To address the numerous and complicated issues associated with “lightening up” the industry, RMI is planning a charrette to explore and understand the manufacturing and policy developments that will enable this transition. Participants ranging from automakers and policy experts to raw material suppliers and researchers will collaborate to identify specific innovations and supporting policies to help reduce the cost and risk associated with raw materials, production processes and regulatory barriers.

The charrette approach has been a successful hallmark of RMI. Most recently, the Institute identified the balance of system (BoS) costs—all of the costs of installing a solar energy system besides the solar panels themselves—as a key threat to widespread solar adoption and got to work finding a solution. The result: Increased focus on bringing down the BoS cost from within the solar industry and at the federal government level—illustrated in the map of our solar success story.

RMI will continue to work with partners and refine charrette parameters over the next few months. So far, they are encouraged by industry enthusiasm and support of donors and foundations who see the potential for industry engagements like these to drive the transition from coal and oil to efficiency and renewables.

“This is really where the rubber meets the road, and the recommendations made in Reinventing Fire come to life,” said Rucks. “Revolutionary lightweight cars can reposition the U.S. auto industry as a world leader, but only if we and dedicated partners commit to drive Reinventing Fire from vision to reality.”

Join the Discussion


Showing 1-2 of 2 comments

November 16, 2011

a gas vehicle is only 20% efficient, a mild hybrid like the Hondas are 30% and a full hybrid like the prius is 40% efficent. That's still pretty poor. A new Nissan LEAF is over 90% efficent so $1 of electric equals 50-60 miles driving. It even turns braking energy into more power with regenerative braking and saves the old fashoioned brake pads from wearing out. The only thing better is a lighter stronger vehicle like a bicycle as the ultimate efficient vehicle.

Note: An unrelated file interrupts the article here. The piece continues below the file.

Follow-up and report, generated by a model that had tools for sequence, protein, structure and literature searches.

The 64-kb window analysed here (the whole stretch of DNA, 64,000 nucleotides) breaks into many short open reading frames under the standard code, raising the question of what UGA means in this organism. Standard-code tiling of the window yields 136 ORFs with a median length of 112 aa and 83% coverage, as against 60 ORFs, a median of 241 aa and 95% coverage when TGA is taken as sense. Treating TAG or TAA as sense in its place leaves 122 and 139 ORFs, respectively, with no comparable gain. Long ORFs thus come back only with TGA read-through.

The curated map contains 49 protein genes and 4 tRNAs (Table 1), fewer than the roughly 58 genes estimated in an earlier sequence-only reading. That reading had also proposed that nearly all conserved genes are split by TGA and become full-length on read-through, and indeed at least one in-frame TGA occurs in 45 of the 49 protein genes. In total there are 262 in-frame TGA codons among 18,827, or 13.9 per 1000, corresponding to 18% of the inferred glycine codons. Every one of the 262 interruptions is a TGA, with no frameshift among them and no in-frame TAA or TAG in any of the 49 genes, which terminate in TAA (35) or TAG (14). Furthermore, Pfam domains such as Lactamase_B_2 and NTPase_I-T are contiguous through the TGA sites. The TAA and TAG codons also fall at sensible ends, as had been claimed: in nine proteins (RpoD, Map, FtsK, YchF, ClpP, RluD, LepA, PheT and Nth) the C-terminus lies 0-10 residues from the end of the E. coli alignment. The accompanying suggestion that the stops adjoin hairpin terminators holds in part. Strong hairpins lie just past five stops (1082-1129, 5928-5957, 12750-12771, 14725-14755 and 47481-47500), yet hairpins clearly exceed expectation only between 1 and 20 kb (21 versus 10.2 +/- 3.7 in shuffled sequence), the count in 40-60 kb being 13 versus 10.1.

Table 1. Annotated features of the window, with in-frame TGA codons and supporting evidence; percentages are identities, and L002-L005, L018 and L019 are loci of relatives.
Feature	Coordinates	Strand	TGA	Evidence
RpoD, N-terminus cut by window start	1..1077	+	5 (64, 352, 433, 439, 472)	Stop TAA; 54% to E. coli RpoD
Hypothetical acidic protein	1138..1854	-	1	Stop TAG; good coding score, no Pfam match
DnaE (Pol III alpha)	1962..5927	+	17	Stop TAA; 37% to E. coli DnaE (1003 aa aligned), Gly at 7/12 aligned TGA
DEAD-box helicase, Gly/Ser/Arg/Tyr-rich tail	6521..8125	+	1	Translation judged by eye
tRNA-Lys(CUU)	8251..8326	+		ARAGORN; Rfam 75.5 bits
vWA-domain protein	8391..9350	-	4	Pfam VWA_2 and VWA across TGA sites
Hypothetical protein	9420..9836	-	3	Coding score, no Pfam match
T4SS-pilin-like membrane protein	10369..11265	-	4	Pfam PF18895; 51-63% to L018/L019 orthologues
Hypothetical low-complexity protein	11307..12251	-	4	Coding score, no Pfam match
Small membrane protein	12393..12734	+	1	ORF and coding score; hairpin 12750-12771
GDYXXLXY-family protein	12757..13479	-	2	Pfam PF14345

Gas driven cars make deadly pollution and burn 50% imported OIL. In the 21st Century this is not sustainable. Just like the heat making incadecent light bulb we have to move ahead.

Telecommunting is a very real option in todays software world. Less trips of any kind are good for everyone.


November 22, 2011

http://www.youtube.com/watch?v=54vD_cPCQM8 This link is to Henry Ford's hemp car that was primarily made out of hemp, and supposedly ran on hemp oil. A virtual earth based, non-synthetic "plastic" that is likely more benign than carbon fiber. And "farmed" oil obviates the need for electric cars that will run on electricity derived from coal, oil, and nukes.
I heard Amory speak about the lightweight cars, "hypercars" I think they are called, 30 years ago or so. Without meaning to sound flip, my question is, why do we still not have these in mass production? What is the block? Obviously not the technology or design creativity to make it happen.